You’ve scanned the aircraft’s paper logbooks and have made a PDF copy. Now what?

Can’t you just reprint one of the electronic pages to replace a missing or damaged document in the paper record if you need it?

You may be surprised to find it’s not as easy as that!

Since you’ve taken the important step of scanning your aircraft’s paper record to have as a back-up; you have just made a “copy” of the original record. As such, this copy now falls under the rules of FAR Part 43.12.

FAR 43.12 Maintenance Records states:
No person may make or cause to be made any reproduction, for fraudulent purpose, of any record or report.

Of course, you’re not intending to do anything fraudulent to the record, so why should you be concerned?

Although you will not find it explicitly stated in the FARs, the FAA has demonstrated numerous times that, in order to have a copy of a logbook entry be considered the “same” as the original, someone authorized to make such a statement MUST attest to the fact that the copy is exactly the same as the original. And that type of authorized person? A licensed A&P technician or someone with a Repair Station Authorization of course.

And, therein lies the rub.

If it’s done in the short term … presumably, you or another A&P supervised the scanning of the aircraft’s records and so he or she is quite certain that any one of the electronic documents is exactly the same as the original. And, they’ll probably have no problem attesting to that fact. Therefore, if the copy is needed as a replacement for the original paper, it really can simply be reprinted and attested to.

But what if it wasn’t the A&P that supervised the scanning that needs to attest to the copy being an exact copy of the original? In fact, if we’re scanning aircraft records to have as a back-up for the life of the aircraft, then chances are good that the aircraft’s current maintenance personnel can’t, in good faith, have an A&P attest to the fact that the electronic copy is exactly as the same as the original because he or she did not do the scanning and may not even have the original to compare it to.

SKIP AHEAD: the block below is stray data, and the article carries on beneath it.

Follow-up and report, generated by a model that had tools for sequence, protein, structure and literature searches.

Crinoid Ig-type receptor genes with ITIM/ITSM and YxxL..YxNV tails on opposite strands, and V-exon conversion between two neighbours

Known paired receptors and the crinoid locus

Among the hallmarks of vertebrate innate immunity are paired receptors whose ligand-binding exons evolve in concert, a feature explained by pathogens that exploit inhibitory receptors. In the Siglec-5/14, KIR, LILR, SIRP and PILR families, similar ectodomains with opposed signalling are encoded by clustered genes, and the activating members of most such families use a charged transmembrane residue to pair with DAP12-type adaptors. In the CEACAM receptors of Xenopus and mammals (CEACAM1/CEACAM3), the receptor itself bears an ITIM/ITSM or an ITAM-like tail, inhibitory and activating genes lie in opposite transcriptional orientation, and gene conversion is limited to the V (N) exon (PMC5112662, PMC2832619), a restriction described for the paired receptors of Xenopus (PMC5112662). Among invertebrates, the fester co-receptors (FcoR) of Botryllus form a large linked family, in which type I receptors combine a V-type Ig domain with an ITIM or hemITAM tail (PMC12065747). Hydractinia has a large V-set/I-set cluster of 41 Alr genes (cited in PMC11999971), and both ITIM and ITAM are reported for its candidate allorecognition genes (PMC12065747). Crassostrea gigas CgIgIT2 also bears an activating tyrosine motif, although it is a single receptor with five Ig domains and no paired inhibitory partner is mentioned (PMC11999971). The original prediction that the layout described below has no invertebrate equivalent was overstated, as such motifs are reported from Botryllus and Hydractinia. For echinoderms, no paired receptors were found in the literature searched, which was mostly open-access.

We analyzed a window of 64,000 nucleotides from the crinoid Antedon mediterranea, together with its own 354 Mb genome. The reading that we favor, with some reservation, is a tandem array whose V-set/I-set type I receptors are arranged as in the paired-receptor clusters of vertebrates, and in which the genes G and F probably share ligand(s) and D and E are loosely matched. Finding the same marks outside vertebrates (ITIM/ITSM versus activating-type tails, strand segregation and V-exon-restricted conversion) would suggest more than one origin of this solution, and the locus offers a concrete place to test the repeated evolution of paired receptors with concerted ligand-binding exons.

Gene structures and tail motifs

This scenario is easy to imagine when you consider how many different owners and different flight departments a typical business aircraft operates under throughout its lifetime.

So, what do we need to do?

The answer to that question lies in the FAA’s definition of AC120-78A’s secure Electronic Record Keeping System. Think of the AC120-78A compliant system as an FAA authorized Safety Deposit Box. If the electronic copy of the paper record is created and attested to that it is an “exact copy”; then placed into the secure system; what are the chances that when removed from the system the documents are dependably accurate and remain as they were when they were originally placed into it? Very good actually!

Secure Aircraft Logbooks

And voila! As a licensed A&P myself, I would have no problem attesting to the accuracy of the documents being exactly the same as the originals since, while in the secure system, they could not have been tampered with.

This now makes the difference between having a PDF copy of an aircraft’s paper record that really isn’t all that it’s intended to be, and having a “certifiable” copy that can be reprinted and used anytime it becomes necessary.

So, when you go to scan your aircraft’s existing paper records, be ready to place them immediately into an FAA complaint AC120-78A system, and attest to their accuracy when doing so. This simple procedure will make all the difference if your “replacement” document is ever challenged by the FAA, or God forbid, the NTSB.

As I’ve always tried to convey in writing on the subject of logbook entries … good, accurate, and complete maintenance records (or lack thereof) in an aircraft’s logbooks will either convict or absolve, the aircraft owner, and maintenance personnel who’ve worked on the aircraft.

And so it is with electronic copies of the logbook; there’s a lot more at stake than just scanning the documents to have as a copy.

See “Backing Up Aircraft Logbooks” in BAR Commentary for more information on backing-up and using aircraft logbooks.

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